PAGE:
Once you've defined a performance budget, it's time to set up the build process to keep track of it. There are a number of tools that let you define thresholds for chosen performance metrics and warn you if you go over budget. Find out how to choose one that best fits your needs and current setup. 🕵️♀️
Lighthouse performance budgets
Lighthouse is an auditing tool that tests sites in a few key areas—performance, accessibility, best practices and how well your site performs as a progressive web application.
- resource size
- resource count
You can set budgets for any of the following resource types:
Budgets are set in a JSON file and after defining them the new "Over Budget" column tells you whether you're exceeding any limits.
Webpack performance hints
Webpack is a powerful build tool for optimizing how your code is delivered to the users. It also supports setting performance budgets based on asset size.
Turn on performance hints in
webpack.config.js to get command line warnings or errors when your bundle size grows over the limit. It's a great way to stay mindful about asset sizes throughout the development.
After the build step, webpack outputs a color-coded list of assets and their sizes. Anything over budget is highlighted in yellow.
The default limit for both assets and entry-points is 250 KB. You can set your own targets in the configuration file.
Compressed asset sizes affect the transfer time, which is very important on slow networks.
Bundlesize is a simple npm package that tests asset size against a threshold you've set. It can run locally and integrate with your CI.
Run bundlesize CLI by specifying a threshold and the file that you want to test.
bundlesize -f "dist/bundle.js" -s 170kB
Bundlesize outputs color-coded test results in one line.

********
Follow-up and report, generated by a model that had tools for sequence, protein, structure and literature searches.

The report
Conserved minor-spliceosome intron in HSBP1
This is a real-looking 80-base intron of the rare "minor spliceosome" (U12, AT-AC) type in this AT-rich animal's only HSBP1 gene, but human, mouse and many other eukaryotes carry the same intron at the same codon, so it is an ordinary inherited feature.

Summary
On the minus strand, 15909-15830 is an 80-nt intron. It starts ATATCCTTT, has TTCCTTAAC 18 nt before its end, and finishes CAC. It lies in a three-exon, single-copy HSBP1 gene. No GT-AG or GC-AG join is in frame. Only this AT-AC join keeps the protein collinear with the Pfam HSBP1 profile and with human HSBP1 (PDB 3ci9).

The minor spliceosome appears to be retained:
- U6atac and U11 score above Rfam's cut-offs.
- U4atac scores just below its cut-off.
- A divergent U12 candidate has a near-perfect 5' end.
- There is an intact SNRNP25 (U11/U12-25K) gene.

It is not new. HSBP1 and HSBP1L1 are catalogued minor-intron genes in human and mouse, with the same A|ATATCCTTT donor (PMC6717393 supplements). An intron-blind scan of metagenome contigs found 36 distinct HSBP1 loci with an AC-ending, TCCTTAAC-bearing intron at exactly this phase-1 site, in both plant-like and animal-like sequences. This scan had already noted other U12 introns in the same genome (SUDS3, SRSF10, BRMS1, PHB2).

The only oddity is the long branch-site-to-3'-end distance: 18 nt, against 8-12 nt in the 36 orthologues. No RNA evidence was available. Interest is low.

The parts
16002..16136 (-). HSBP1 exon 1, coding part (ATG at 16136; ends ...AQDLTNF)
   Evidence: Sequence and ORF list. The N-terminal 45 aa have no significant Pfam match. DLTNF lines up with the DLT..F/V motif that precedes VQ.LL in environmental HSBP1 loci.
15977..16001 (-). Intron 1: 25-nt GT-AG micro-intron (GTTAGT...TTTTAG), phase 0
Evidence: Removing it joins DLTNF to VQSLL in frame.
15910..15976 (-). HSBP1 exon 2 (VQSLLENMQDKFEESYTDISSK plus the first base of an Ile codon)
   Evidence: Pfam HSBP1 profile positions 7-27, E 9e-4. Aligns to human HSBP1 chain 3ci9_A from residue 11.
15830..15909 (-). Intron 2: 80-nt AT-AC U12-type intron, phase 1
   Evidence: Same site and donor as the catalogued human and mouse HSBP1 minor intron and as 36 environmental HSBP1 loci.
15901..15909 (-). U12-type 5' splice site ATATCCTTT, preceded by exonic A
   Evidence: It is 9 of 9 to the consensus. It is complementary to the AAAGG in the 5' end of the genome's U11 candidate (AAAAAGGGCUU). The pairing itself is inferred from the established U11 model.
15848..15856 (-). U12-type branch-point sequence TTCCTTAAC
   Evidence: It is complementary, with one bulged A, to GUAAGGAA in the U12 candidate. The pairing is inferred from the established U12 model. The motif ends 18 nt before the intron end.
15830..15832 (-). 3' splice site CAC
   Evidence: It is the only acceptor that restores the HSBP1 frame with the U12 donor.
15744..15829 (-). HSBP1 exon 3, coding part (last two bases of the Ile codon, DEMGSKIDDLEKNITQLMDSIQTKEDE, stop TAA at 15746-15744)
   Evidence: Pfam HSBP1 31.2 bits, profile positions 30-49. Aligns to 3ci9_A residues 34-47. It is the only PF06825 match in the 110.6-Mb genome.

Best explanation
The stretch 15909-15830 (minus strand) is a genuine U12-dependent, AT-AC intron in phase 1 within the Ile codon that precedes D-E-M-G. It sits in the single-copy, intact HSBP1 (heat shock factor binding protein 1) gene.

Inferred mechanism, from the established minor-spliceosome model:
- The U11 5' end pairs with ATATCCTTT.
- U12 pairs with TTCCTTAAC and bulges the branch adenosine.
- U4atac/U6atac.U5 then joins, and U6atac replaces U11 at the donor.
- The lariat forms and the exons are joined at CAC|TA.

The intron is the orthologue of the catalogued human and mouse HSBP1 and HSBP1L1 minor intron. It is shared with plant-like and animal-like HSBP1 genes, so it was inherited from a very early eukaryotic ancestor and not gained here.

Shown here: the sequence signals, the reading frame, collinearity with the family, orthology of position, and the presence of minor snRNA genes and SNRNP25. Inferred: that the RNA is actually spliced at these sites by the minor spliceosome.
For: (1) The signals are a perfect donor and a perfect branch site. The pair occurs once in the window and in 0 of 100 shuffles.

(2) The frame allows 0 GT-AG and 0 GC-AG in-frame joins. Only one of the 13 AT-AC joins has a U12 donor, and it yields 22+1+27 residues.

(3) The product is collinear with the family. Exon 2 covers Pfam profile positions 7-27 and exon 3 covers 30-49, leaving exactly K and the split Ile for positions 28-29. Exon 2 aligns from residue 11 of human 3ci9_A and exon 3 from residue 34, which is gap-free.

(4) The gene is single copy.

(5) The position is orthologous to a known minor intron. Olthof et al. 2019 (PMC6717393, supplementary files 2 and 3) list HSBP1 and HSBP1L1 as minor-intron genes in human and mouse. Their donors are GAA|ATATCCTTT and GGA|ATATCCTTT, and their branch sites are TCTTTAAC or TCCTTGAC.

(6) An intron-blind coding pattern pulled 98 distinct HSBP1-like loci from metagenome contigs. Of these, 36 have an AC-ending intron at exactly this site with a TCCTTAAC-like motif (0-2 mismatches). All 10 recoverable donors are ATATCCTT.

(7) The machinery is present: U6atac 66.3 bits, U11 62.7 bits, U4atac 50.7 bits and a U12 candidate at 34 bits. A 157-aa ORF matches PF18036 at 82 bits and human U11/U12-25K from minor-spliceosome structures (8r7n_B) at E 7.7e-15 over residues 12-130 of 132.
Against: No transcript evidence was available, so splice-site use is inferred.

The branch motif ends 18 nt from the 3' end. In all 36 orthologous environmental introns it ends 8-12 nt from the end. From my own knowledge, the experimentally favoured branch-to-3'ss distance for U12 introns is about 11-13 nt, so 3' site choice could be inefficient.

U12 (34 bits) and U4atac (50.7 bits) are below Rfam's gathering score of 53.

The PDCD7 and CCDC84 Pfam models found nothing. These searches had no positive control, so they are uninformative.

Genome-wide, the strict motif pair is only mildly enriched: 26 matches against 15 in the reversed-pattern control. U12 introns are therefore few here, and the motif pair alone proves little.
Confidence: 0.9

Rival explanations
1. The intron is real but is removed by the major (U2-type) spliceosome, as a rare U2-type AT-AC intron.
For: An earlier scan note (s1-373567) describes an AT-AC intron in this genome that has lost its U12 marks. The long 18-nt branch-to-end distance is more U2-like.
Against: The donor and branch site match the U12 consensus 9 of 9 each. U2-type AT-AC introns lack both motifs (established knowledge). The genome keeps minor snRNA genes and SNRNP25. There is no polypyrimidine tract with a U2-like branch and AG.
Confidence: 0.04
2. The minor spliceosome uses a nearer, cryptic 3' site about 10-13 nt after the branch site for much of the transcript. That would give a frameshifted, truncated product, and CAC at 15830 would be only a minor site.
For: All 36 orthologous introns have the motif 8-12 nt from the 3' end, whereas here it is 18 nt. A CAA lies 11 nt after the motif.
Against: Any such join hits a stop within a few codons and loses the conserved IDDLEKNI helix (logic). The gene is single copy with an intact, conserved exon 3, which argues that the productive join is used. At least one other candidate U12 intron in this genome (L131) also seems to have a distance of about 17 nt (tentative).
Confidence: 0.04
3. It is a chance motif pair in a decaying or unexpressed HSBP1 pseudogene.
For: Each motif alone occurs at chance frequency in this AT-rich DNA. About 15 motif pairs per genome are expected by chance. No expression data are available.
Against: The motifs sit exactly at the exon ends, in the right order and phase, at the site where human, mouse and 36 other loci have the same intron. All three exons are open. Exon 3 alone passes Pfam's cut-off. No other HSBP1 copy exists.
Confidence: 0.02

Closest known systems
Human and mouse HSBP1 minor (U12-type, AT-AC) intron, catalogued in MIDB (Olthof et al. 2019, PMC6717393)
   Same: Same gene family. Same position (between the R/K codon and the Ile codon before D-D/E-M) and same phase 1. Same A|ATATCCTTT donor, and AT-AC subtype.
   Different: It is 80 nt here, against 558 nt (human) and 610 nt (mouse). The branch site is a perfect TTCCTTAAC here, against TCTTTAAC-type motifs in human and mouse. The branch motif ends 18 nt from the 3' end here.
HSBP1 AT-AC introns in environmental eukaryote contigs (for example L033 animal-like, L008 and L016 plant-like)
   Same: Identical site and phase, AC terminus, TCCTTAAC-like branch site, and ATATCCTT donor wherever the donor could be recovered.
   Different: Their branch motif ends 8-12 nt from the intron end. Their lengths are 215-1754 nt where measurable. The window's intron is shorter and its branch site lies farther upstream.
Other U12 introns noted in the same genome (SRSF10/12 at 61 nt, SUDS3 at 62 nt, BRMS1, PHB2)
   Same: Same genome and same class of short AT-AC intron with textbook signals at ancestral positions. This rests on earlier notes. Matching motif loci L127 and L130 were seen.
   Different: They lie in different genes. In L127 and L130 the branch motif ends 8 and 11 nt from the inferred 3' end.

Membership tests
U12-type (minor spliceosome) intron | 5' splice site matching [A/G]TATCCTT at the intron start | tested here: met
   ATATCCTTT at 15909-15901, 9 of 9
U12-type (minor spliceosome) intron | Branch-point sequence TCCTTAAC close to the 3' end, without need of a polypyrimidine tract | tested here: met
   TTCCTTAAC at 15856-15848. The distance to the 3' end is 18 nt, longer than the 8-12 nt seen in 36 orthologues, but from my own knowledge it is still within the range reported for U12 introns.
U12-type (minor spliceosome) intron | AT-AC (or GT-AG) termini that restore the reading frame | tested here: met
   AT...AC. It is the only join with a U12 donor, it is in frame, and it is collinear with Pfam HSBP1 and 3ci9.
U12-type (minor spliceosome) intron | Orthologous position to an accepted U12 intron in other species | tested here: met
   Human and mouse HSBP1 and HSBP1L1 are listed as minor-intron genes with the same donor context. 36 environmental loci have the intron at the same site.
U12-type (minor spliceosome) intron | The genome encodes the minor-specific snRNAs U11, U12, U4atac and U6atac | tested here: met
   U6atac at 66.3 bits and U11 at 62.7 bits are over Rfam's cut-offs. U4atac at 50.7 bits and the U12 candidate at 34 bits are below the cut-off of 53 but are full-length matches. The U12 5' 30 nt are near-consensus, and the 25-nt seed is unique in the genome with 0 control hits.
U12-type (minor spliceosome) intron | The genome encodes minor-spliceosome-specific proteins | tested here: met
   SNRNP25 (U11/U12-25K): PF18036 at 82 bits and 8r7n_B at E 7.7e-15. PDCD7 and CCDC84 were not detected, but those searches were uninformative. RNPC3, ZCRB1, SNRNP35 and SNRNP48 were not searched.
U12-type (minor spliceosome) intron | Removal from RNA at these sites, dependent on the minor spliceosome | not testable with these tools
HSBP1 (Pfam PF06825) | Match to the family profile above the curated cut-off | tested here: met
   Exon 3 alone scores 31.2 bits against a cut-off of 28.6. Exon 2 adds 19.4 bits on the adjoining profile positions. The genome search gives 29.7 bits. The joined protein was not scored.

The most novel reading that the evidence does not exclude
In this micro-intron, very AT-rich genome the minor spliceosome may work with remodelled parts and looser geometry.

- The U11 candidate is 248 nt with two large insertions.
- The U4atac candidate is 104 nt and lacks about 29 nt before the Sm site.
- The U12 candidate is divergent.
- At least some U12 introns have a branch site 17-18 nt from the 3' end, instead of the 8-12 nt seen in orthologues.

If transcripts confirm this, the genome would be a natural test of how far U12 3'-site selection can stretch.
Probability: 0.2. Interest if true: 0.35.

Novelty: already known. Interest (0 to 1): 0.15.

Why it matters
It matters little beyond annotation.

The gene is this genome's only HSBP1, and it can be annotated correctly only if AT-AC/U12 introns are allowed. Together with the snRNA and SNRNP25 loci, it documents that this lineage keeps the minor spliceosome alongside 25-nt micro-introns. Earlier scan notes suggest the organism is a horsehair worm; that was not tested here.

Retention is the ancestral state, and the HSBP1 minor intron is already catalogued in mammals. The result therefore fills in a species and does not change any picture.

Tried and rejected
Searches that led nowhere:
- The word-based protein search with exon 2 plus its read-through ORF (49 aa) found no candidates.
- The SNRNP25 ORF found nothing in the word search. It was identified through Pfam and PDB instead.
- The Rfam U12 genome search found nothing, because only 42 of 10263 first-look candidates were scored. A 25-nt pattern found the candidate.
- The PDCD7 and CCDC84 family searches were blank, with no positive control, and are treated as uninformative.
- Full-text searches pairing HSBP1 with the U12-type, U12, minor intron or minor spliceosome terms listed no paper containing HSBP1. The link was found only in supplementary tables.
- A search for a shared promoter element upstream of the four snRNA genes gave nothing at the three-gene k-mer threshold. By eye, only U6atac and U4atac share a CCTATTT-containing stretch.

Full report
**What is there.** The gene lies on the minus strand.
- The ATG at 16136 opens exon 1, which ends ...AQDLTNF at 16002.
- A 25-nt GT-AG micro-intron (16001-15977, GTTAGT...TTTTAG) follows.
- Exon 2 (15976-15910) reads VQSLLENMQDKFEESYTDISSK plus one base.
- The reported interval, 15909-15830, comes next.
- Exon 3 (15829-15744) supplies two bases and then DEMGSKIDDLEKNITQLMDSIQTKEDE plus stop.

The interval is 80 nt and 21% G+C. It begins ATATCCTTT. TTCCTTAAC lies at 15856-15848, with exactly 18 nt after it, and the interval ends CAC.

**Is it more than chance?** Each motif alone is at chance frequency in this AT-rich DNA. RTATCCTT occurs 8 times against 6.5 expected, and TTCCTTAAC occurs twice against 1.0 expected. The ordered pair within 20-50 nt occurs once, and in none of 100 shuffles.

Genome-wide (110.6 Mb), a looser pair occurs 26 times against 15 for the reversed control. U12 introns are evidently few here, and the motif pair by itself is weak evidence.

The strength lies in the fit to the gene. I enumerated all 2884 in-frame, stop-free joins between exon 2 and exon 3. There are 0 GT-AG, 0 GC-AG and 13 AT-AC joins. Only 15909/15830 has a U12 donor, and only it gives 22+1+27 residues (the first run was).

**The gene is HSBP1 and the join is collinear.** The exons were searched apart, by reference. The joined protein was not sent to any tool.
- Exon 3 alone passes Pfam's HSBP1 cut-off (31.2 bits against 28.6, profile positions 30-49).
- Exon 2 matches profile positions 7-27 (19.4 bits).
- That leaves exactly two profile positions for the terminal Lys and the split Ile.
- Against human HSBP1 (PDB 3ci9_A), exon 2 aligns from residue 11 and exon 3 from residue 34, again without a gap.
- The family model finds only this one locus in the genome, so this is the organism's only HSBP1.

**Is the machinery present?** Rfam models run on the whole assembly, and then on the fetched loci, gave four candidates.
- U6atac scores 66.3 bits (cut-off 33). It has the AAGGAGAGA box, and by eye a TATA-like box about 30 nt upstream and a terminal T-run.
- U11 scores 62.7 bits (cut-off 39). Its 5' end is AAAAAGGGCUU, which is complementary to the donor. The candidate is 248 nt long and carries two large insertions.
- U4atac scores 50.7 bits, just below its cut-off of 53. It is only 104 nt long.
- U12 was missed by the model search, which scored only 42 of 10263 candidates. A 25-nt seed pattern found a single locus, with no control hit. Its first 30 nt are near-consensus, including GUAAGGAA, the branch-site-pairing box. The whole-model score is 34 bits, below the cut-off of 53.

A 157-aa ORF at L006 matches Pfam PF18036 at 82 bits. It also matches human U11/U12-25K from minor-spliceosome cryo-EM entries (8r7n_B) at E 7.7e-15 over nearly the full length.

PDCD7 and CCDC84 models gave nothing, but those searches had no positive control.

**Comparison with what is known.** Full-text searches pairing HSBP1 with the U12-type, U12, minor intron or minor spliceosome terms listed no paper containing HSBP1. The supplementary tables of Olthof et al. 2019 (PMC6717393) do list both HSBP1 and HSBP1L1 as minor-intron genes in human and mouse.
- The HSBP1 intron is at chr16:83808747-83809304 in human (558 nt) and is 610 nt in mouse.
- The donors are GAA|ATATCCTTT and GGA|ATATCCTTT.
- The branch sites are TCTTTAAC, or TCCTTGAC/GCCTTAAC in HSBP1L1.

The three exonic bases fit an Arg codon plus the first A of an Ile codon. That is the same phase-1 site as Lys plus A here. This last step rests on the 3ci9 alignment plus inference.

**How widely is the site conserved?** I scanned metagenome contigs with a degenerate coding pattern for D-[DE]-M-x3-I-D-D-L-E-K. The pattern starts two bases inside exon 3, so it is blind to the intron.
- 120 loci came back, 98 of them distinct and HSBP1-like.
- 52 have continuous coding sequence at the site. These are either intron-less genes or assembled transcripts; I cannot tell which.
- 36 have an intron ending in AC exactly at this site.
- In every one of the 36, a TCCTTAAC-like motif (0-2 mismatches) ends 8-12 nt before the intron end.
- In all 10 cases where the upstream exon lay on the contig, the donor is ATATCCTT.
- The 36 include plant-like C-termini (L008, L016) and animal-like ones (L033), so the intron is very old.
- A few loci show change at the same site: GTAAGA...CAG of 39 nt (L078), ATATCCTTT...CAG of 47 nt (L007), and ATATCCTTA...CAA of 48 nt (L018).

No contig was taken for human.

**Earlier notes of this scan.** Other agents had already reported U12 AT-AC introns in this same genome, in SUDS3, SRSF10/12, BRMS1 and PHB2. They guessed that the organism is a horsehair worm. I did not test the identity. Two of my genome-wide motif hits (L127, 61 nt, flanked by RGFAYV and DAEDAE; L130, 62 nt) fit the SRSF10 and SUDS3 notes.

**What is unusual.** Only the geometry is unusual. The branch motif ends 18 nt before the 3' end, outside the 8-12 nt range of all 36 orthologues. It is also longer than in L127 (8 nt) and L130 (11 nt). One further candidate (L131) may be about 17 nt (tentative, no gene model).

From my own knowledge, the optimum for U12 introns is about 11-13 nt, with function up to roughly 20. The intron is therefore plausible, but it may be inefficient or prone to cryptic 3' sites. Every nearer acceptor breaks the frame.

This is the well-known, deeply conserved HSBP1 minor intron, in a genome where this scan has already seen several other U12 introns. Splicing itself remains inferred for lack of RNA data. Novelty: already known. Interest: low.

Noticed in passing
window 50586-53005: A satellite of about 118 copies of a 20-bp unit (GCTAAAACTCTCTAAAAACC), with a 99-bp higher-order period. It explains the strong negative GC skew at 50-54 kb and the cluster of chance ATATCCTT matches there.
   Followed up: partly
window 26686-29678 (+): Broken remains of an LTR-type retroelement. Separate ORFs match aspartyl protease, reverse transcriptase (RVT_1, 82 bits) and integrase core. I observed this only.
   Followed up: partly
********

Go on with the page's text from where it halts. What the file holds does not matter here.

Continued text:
Bundlesize for CI
You'll get the most value out of bundlesize if you integrate it with a CI to automatically enforce size limits on pull requests. If bundlesize test fails, that pull request is not merged. It works for pull requests on GitHub with Travis CI, CircleCI, Wercker, and Drone.
You may have a fast app today, but adding new code can often change this. Checking pull requests with bundlesize will help you avoid performance regressions. Bootstrap, Tinder, Trivago and many others use it to keep their budgets in check.
With bundlesize, it's possible to set thresholds for each file separately. This is especially useful if you are splitting a bundle in your application.
By default, it tests gzipped asset sizes. You can use the compression option to switch to brotli compression or turn it off completely.
Lighthouse Bot integrates with Travis CI and enforces budgets based on any of the five Lighthouse audit categories. For example, a budget of 100 for your Lighthouse performance score. It's sometimes simpler to keep an eye on a single number than individual asset budgets and Lighthouse scores take many things into account.
Lighthouse Bot runs an audit after you deploy a site to staging server. In
.travis.yml set budgets for particular Lighthouse categories with
--pwa options. Aim to stay in the green zone with scores of at least 90.
after_success: - ./deploy.sh # Deploy the PR changes to staging server - npm run lh -- --perf=96 https://staging.example.com # Run Lighthouse test
If the scores for a pull request on GitHub fall below the threshold you've set, Lighthouse Bot can prevent pull request from being merged. ⛔
Lighthouse Bot then comments on your pull request with updated scores. This is a neat feature which encourages conversation about performance as code changes are happening.
If you find your pull request blocked by a poor Lighthouse score, run an audit with Lighthouse CLI or in Dev Tools. It generates a report with details about bottlenecks and hints for simple optimizations.